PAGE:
Last week, I got to run a mock.
Along with 19 other amateurs, I was a member of the NCAA's Division I Men's Basketball Tournament Mock Selection Exercise. We did everything that the actual NCAA Tournament Selection Committee will do come March 10-14. Only we crammed a five-day task into roughly 25 hours, broken up over two days, all to learn more about what goes on in that room before Selection Sunday.
One thing I learned: It's harder than it looks.
Here's 12 more things I learned:
1. It resembles Groundhog Day . That's what Greg Shaheen, NCAA senior vice president in charge of the tournament and the selection committee called it.
The tournament has 31 "AQs" or automatic qualifiers. It has 34 "ALs," or at-large berths. Remaining teams are "under consideration." Before we arrived in Indianapolis, we were to compile a list of "at-large" teams and "under consideration" teams. We mocks agreed on 19 at-large and 53 under consideration. When Shaheen saw the number 53, he said he knew it was going to be a long two days.
Next, you are given a list of "under consideration" teams and asked to list the eight best. Once the secret votes are tallied, eight teams are listed for you to rank. Once those votes are tallied, the top four go into the "AL" list, the bottom four are holdovers. Then you start the process again. And again. And again.
"Peeling the onion," Shaheen called it.
2. The RPI is not the be-all, end-all. The RPI is important. But you are given so many numbers, broken down so many different ways, the RPI becomes a guideline rather than a Holy Grail.
3. Some don't believe their lying eyes. Shaheen, who is entering his 10th year working with the committee, said some members place importance in the numbers. Others say, "I don't care what the numbers show. I've seen so-and-so team play and they have to be one of the best 65 teams in the country."
4. Like life, it's not always fair. In an effort to be fair, the system is sometimes unfair. For example, Big 12 associate commissioner John Underwood and I represented actual committee member Big 12 Commissioner Dan Beebe. Thus we could not choose any Big 12 teams on the consideration list. Nor could we participate in rankings if a Big 12 team was involved. Whenever a Big 12 team was discussed, we had to leave the room.
Meanwhile, Bill Rabinowitz of the Columbus (Ohio) Dispatch and Lindsey Wilhite of the Daily Herald in suburban Chicago represented Ohio State Athletics Director Gene Smith. They could remain in the room when a Big Ten member was being discussed. Smith is an athletics director, not a commissioner. That's an advantage for the Big Ten.
5. Fan bases are considered. Kansas, Syracuse, Kentucky and Villanova were our committee's No. 1 seeds. As No. 3 overall seed, Kentucky was placed in the East Region, where Syracuse, N.Y., is host. The West Region, with Salt Lake City as host, was also a possibility. But the software the committee uses showed that, by mileage, Syracuse is closer to Lexington.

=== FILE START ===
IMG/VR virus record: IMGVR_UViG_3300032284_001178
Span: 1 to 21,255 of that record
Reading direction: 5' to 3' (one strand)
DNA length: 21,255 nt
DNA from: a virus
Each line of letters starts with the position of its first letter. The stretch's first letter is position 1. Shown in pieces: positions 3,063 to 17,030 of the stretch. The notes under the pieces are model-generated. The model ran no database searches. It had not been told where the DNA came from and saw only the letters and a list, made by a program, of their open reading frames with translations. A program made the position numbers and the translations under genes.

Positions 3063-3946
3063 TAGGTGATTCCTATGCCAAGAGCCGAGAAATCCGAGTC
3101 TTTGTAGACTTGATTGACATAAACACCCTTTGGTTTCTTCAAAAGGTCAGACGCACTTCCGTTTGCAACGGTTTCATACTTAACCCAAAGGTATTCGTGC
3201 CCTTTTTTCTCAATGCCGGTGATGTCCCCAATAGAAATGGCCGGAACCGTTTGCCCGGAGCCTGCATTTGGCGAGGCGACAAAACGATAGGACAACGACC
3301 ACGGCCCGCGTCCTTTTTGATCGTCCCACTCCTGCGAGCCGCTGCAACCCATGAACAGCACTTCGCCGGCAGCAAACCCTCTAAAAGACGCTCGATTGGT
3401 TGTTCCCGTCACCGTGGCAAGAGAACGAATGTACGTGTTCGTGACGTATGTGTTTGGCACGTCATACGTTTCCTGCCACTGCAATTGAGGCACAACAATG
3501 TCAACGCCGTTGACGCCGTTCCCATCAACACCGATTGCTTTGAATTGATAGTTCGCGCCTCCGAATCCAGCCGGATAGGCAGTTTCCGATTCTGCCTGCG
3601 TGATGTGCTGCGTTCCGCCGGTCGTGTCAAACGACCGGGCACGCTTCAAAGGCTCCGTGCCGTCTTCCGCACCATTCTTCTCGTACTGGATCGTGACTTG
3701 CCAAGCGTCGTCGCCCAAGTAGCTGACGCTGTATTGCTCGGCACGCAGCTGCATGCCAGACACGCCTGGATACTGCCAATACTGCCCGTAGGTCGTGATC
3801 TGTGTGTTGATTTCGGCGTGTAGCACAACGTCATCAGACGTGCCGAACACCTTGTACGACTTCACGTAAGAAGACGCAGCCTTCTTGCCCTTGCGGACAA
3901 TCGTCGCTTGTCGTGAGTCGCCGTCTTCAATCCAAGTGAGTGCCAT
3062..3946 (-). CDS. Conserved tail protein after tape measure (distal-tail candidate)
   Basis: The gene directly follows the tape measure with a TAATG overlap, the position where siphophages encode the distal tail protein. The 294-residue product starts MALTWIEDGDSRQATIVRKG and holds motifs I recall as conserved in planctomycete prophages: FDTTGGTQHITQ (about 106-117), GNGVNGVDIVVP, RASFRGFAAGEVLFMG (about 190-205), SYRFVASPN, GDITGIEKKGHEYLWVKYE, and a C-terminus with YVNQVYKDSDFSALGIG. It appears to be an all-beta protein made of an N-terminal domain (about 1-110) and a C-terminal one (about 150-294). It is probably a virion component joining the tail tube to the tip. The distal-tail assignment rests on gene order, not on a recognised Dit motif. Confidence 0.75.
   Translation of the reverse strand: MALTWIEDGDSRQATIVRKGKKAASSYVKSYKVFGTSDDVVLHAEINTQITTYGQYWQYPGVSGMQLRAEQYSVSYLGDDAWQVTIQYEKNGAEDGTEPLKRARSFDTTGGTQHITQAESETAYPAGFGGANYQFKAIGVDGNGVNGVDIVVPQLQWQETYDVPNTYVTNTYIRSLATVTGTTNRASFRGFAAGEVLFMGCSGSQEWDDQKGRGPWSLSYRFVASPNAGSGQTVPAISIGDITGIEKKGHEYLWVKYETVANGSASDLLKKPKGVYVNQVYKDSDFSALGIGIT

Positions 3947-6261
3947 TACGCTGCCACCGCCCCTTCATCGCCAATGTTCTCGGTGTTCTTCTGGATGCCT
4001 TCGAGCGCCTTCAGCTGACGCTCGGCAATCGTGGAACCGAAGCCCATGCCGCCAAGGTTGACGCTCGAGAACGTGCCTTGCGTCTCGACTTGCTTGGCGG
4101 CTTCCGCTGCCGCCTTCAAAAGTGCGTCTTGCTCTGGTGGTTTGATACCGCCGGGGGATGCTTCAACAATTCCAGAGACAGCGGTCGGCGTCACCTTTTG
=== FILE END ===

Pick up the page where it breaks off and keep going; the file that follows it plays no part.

I asked Shaheen if the fact a team travels well is ever discussed. Shaheen said yes, it would often come up, but that it was usually not a deciding factor. For example, this year, 80 percent of the tickets are already sold at regional sites. That's before the public knows which schools will be going to which regions.
6. Human nature is involved. Used to be, weight was given to a team's final 12 games. The committee now considers a team's entire body of work. Sounds good, but when you look at a resume, or "team sheet," it's difficult not to notice if a team has lost four of its last five.
7. Conference affiliations mean little. When you are in that room, with all those numbers, the teams run together. By the end of the process, you might not be able to remember that Charlotte is in the Atlantic 10 or UTEP is in Conference USA, much less how many teams have already been chosen from which conference. You're just looking for 34 worthy basketball teams.
8. It's difficult to dictate matchups. The teams are seeded one through 65. When it comes time to set the brackets -- something that doesn't happen until maybe an hour or two before the Selection Show on Sunday -- the committee considers each team individually before placing it in a region and at a site.
Competitive balance among the brackets is important, but you also want to place a team at the closest site, if possible. Plus, there are also procedural rules to follow. You must put the first three seeded teams in a conference into separate regions. Two teams from the same conference may not meet before a regional finals. If possible, you are to avoid repeating regular-season games, or recent tournament games.
Try to do all that and still pit Kentucky vs. Louisville in the first round. Go ahead, I dare you.
9. Polls are meaningless. The NCAA does ask the committee to look at the Associated Press poll, the USA Today/ESPN coaches poll and the NABC regional advisory poll. Only I don't remember a single instance when a mock member cited a poll when making a case for or against a team.
10. History doesn't matter. What a team did previous to this year has no bearing. David Worlock, the NCAA's associate director of the tournament, was ready to admonish anyone who brought up Siena's past tournament wins when considering the Saints. No one did. Score one for the mocks.
11. At least this year, there aren't 65 deserving teams. When we got to the final spots, all possibles, there wasn't a dime's worth of difference. All owned significant flaws. As one mock committee member put it, "What you have here are a lot of good NIT teams."
12. It's fun, but taxing, and we were just the mocks.
Tuesday night in Starkville at the UK-Mississippi State game, I ran into C.M. Newton. The former UK athletics director is a former selection committee chairman. I told him I had served on the mock committee exercise.
"C.M., I have a newfound respect for you," I said.
The old coach smiled.